PHP is an incredibly popular language for creating dynamic web applications — websites such as Facebook are built on it. This can be attributed to many reasons; it is easy to learn, easy to install and does not require the user to compile code. An unfortunate side effect of the ease of development with PHP is a tendency to ignore security during the development process.
In this post I will discuss some of the ways to make your PHP apps more secure. I will go through creating a PHP web app that connects to a MySQL back end database. The application will be a simple address book. The approach I will take is one of layered security. There is no sure fire quick method of blocking all attacks, but using the layered security approach we severely limit our exposure.
.exe, PHP, HTML, and the list goes on. How many different kinds of files and code can potentially infect your PC? Webroot threat research analyst Nathan Collier explains a few of the the types of potentially dangerous files, other than the common executable (.exe) that can be found on a Windows PC and cause harm to it.
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Last week, I gave a talk at the RSA Security Conference about malicious PHP scripts. For those who can’t attend the conference, I wanted to give you a glimpse into this world to which, until last year, I hadn’t paid much attention.
My normal week begins with a quick scan of malware lists — URLs that point to new samples — that come from a variety of public sources. I started noticing an increasing number of non-executable PHP and Perl scripts appearing on those lists and decided to dig a little deeper.
In a lot of ways, PHP is an ideal platform for malicious Web pages. For programmers and techies, PHP is easy to learn. Virtually all Web servers run the PHP engine, so there are vast numbers of potential “victims” (though the numbers aren’t anything close to the number of Windows-using potential malware victims). And just like many forms of executable malware that runs on Windows — the type I’m more familiar with — the most successful malicious PHP scripts permit their users (the criminals) to control and manipulate Web servers for their own benefit and, most commonly, profit.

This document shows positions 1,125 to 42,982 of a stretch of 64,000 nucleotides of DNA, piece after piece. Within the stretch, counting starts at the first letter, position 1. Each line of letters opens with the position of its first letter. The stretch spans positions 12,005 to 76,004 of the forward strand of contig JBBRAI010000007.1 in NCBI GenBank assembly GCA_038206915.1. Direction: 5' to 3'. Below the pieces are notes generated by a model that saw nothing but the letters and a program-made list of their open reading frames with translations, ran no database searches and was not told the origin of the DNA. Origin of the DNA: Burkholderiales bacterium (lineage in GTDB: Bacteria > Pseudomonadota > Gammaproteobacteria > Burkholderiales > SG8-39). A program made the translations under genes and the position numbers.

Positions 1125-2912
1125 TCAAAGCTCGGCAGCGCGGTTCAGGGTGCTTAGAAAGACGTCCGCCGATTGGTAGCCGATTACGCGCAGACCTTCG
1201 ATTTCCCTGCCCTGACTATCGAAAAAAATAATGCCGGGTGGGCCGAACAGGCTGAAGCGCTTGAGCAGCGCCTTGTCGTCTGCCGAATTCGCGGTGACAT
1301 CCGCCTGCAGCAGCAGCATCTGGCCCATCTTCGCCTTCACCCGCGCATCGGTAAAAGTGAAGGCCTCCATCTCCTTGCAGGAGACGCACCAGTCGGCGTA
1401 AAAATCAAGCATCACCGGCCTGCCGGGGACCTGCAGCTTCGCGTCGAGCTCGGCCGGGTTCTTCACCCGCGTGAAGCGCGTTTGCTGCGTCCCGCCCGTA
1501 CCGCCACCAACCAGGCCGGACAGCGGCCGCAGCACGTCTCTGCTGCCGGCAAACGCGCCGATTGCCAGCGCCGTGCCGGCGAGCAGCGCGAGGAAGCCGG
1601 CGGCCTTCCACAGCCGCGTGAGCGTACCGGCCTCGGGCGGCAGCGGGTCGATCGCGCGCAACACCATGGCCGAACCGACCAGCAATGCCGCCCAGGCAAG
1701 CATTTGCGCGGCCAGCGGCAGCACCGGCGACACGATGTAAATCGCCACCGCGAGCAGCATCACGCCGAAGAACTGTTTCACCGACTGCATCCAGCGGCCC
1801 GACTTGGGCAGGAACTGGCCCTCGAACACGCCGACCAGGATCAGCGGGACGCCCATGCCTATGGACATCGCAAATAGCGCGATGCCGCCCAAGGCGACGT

The other day I was looking at a remote access Trojan written in the PHP scripting language. The bot loads into memory on a victim’s computer when an unsuspecting user, for example, stumbles upon an iframe pointing to the PHP script embedded in a Web page. The code is nicely appointed with such desirable features as the ability to execute shell commands on the host server, send a flood of data packets at another computer, and scan remote computers.
Once loaded into a victim’s browser, the bot connects to, and is capable of executing commands issued by, a botnet server–until the victim reboots their computer. But for most users, that’s probably long enough. If an attacker can execute commands on an infected user’s computer, installing more Trojans is just child’s play.
But someone appears to have embedded a surprise into this PHP backdoor: It’s another backdoor within the backdoor.